"MV Agusta motorcycles are the embodiment of technology and passion molded into a physical object."
Brian Gillen, MV Agusta Technical Director
The MV Agusta motorcycles can trace their lineage back to a Sicilian Prince. The name of that prince was Count Giovanni Agusta, who became famous as a pioneer of Italian aviation. He first flew in 1907 and began building airplanes in 1923, and the aviation company he created is still a major Italian helicopter manufacturer today. But aviation wasn't enough for the Count Agusta's sons, especially his son Domenico, who risked much of the family fortune to create a motorcycle company called MV Agusta. The "M" reffering to "mechanica", italian for mechanical, and V for Vergara, the Northern Italian town where the company was born.
The very first MV Agusta motorcycle was shown to the public in the fall of 1945, it was called the Vespa 98, Dominico Agusta didn't know that the name Vespa had already been registered by an Italian scooter company and he was forced to change the name of his first motorcycle, the first MV Agusta was simply called: The 98.
In the first 25 years that the Agusta family built motorcycles to this day, no one has ever gotten close to the successes and victories the family had with the MV Agusta brand and the motorcycles. MV's racing success was remarkable, between 1952 and 1973 the company won 163 world championships. while the Agusta family continued to make money from his aviation division, racing motorcycles was it's passion, it was a passion reflected by perhaps the greatest rider of all time Giacomo Agustini. Starting in 1966 Agustini would capture seven straight world championship titles, crystallizing the idea that if one wanted to be considered a world class racer, one had to ride an MV Agusta.
With the death of Count Domenico in 1971, and as those years saw the advent of mass car ownership, causing a sharp slowdown in the motorcycle market, the company began to flounder, Agusta aviation was still in business, but by 1975, MV Agusta was no longer making motorcycles, after 30 years of glory and success, MV Agusta factory was closed, the remarkable MV brand was officially dead.
Eventhough closed, the heavy legacy of MV was far from forgotten, and Italians are passionate people. What had been a family motorcycle company is bought by a second Italian family that also shares a love for motorcycles. In 1991 Claudio Claudio Castiglioni and his son Giovanni Castiglioni bought the rights to the MV Agusta name.
"My ultimate goal was to make sure when I brought back the MV Agusta brand, I broguht it back witnh all the glory of the technology and the race history that represents MV Agusta, my goal was to leave people speechless."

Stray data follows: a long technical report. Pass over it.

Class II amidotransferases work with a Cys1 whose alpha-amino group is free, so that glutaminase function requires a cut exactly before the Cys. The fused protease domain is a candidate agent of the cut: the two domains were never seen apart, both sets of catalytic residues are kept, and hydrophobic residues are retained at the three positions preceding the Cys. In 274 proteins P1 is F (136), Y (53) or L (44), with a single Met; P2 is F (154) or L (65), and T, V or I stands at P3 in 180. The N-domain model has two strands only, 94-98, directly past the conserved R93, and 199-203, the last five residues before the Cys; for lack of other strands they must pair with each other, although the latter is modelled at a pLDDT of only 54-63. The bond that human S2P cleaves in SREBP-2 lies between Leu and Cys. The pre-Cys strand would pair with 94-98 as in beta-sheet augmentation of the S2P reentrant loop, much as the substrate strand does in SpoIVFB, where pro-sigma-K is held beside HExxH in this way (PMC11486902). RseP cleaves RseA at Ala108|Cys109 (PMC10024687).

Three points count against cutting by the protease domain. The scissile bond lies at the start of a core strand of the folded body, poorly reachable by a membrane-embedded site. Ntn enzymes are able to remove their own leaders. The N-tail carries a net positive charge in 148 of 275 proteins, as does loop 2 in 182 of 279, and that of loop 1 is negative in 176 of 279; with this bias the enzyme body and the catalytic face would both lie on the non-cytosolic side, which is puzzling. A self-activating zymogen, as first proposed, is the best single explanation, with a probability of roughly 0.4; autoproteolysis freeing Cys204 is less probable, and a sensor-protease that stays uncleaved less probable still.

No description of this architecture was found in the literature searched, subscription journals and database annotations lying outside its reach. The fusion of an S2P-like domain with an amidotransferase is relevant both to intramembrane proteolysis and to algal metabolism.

To bring the MV back to life with a rude awakening, Claudio turns to an old friend, his name: Massimo Tamburini, possibly the single greatest motorcycle designer in the world.
"First of all, you have to deal with the genius that we have here, Massimo Tamburini, so if you talk about style and performance and how to connect them, you basically have to work with him. It is not easy because he is the man to tell you to design and redesign the same piece 10 times before he says "Ok."."
Andrea Goggi, Lead Engineer, MV Agusta
When Massimo went to work at MV Agusta, he began drawing skeches to do the impossible: to create an MV Agusta, that is even more iconic and spectacular than the brand he worked in earlier: The Ducati
Finally after seven years of MV Agusta being bought by Castiglioni family, and after years of Tamburini sketching every single detail to the core, they showed the world their new creation: MV Agusta F4
Massimo Tamburini's design philosophy for creating the F4 can be described in a single word: Perfection. Virtually overnight, F4 became one of the most lusted after motorcycles ever created. The initial production run of 300 bikes sold out immediately to the people like King Juan Carlos of Spain. The F4 was the ultimate modern sport bike and with it one of the oldest names and motorcycles MV Agusta was reborn.
Attention to every single detail is what makes an MV Agusta, more than just a motorcycle, more than just an Italian motorcycle. What is also Italian was the relationship between Massimo Tamburini and Claudio Castiglioni. A relationship based on mutual respect and each men's personal passion for motorcycles.
Tamburini and Castiglioni both passed away in 2014 and 2011 respectively. But the MV Agusta continues the path they carved out of pure passion, emotion, elegance and quality.
So is the story of MV Agusta. A brand that is uniquely tied to Northern Italy, a region of timeless beauty, a place where people have marvellous appreciation for all the good things in life. A place where two different families with a mutual passion in motorcycles created and developed a beautiful motorcycle brand.
Here are some examples of 2018 MV Agusta model range:
Motorcycles are a passion of mine and I like to share about them!
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